User currently offlineHaveBlue From United States of America, joined Jan 2004, 2118 posts, RR: 1
Reply 9, posted (5 years 11 months 1 day 20 hours ago) and read 4630 times:



Quoting LMP737 (Reply 4):
Single ejections on the F-14 has happened before. This is the result of a surface officer, black shoe, grabbing something he was not supposed to on a familiarization flight.

< http://www.f-14association.com/stories-07.htm >

I find it odd that in such a well visited site that they have the made the simpleton mistake of saying that he was floating out of the seat during 'positive' G's. If it were positive G's there wouldn't have been a problem.

"While pulling positive Gs he began to float out of the ejection seat. In order to readjust his position he reached down and grabbed that little yellow and black stripped handle. Bang! The next thing he knew he was no longer in the Tomcat."



Here Here for Severe Clear!
User currently offlineGST From United Kingdom, joined Jun 2008, 934 posts, RR: 0
Reply 10, posted (5 years 11 months 1 day 16 hours ago) and read 4547 times:



Quoting LMP737 (Reply 6):
And the British made ejection seat. Wink

It worked diddnt it?


User currently offlineLMP737 From , joined Dec 1969, posts, RR:
Reply 11, posted (5 years 11 months 1 day 14 hours ago) and read 4502 times:



Quoting HaveBlue (Reply 9):
I find it odd that in such a well visited site that they have the made the simpleton mistake of saying that he was floating out of the seat during 'positive' G's. If it were positive G's there wouldn't have been a problem.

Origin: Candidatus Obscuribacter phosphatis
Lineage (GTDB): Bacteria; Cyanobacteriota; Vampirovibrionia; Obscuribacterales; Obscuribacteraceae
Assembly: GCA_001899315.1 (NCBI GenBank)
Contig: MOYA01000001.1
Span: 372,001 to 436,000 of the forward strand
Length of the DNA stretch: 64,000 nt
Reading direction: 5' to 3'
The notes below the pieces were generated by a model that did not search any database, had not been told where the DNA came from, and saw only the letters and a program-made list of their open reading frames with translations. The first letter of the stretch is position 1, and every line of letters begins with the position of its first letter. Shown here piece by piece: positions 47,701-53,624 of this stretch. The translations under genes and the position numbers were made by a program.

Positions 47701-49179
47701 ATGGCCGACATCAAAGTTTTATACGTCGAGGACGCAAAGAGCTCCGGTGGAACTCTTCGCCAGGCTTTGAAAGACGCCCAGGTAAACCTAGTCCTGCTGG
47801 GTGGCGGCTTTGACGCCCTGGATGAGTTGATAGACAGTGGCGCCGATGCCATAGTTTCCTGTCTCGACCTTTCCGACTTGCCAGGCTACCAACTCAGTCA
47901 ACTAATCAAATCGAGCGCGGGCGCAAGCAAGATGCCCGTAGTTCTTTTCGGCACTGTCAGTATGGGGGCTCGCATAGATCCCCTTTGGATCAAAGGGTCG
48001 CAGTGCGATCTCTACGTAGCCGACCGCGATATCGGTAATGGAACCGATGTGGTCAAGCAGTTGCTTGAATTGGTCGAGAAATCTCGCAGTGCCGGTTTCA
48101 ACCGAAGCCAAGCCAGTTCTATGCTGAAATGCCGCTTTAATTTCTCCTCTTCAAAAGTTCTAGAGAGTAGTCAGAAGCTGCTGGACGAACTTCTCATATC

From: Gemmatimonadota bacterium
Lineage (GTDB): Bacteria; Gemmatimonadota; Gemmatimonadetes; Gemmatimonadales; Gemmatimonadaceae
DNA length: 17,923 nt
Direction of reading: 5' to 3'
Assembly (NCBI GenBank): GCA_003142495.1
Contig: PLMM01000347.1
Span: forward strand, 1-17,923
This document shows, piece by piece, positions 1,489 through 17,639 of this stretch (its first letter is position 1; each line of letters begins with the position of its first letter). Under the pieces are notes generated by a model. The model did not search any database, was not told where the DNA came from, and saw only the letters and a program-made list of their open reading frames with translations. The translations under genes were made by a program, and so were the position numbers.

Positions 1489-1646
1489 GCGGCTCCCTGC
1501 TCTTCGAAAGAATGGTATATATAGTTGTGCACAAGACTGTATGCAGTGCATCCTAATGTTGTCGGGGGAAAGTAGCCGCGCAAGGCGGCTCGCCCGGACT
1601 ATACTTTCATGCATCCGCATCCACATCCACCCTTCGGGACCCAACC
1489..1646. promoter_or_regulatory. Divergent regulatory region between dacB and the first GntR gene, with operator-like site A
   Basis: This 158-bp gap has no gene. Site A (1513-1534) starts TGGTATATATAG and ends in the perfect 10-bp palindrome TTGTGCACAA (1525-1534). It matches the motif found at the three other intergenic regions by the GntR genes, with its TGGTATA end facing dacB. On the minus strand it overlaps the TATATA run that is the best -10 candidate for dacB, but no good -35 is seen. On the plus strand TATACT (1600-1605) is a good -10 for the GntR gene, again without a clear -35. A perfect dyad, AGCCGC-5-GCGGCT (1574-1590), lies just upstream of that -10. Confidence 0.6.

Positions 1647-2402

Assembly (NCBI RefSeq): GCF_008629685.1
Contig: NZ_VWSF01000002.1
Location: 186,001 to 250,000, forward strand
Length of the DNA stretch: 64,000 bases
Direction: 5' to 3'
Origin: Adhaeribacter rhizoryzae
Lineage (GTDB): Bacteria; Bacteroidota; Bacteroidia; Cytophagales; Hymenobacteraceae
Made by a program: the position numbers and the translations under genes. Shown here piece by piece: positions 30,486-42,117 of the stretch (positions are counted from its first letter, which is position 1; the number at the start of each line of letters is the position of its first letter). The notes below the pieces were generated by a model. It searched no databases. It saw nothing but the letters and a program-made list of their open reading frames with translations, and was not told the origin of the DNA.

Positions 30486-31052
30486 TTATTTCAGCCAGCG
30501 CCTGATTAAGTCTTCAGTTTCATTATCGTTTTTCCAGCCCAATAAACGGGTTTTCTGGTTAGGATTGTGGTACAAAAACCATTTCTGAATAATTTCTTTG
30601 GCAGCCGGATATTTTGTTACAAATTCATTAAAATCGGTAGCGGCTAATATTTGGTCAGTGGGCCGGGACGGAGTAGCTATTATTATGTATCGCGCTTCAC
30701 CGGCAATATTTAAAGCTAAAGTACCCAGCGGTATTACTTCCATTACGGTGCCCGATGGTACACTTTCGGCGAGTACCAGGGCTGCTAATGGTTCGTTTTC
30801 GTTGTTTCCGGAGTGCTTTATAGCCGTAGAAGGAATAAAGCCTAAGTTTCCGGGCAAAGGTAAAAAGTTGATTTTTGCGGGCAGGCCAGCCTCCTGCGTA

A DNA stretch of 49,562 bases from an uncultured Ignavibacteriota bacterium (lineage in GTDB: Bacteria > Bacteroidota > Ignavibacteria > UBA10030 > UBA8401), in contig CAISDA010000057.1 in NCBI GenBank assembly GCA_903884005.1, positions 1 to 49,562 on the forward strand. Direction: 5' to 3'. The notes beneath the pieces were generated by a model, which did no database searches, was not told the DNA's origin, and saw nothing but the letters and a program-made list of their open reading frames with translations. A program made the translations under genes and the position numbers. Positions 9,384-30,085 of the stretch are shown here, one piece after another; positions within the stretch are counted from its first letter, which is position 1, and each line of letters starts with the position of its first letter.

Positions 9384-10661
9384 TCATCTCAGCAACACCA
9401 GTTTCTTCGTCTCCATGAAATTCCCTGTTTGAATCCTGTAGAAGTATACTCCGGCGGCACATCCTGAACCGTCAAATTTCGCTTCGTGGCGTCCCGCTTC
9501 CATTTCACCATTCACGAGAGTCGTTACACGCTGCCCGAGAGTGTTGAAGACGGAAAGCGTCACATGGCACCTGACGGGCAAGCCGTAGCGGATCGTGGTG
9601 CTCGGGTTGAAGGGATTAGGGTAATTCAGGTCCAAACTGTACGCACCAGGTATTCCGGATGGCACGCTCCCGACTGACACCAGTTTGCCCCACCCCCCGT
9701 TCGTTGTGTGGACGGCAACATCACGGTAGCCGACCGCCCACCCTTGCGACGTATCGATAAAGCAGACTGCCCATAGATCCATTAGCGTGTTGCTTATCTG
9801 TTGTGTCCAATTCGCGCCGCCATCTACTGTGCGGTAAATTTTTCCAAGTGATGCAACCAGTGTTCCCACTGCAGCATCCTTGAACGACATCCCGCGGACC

I noticed that as well, no one's perfect I guess.

Quoting GST (Reply 10):
It worked diddnt it?

I didn't mean it like you think.  Smile


User currently offlinePoadrim From Norway, joined Oct 2008, 173 posts, RR: 0
Reply 12, posted (5 years 11 months 11 hours ago) and read 4289 times:
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Quoting F4wso (Reply 3):
There were a few times that the refueling boom banged into my canopy in the twelve years I flew the Phantom

This MUST be said! I am so total awesome jealous on you!!! If you can describe the feel that you have seconds before trap at night, with 2 words, what would that be?



Good judgment comes from experience. Good experience comes from someone else's bad judgment.
User currently offlineMoose135 From United States of America, joined Oct 2004, 2356 posts, RR: 10
Reply 13, posted (5 years 10 months 4 weeks 1 day 23 hours ago) and read 4206 times:



Quoting F4wso (Reply 3):
There were a few times that the refueling boom banged into my canopy in the twelve years I flew the Phantom.

I don't see how...it's not like the boom was anywhere near your cockpit  Big grin

http://moose135.smugmug.com/photos/133240474_p2m9d-L-1.jpg
I'm pretty sure this was a Fort Wayne ANG bird, shot around 1986. I was flying KC's out of KGUS



KC-135 - Passing gas and taking names!
User currently offlineJakeOrion From United States of America, joined Oct 2005, 1255 posts, RR: 2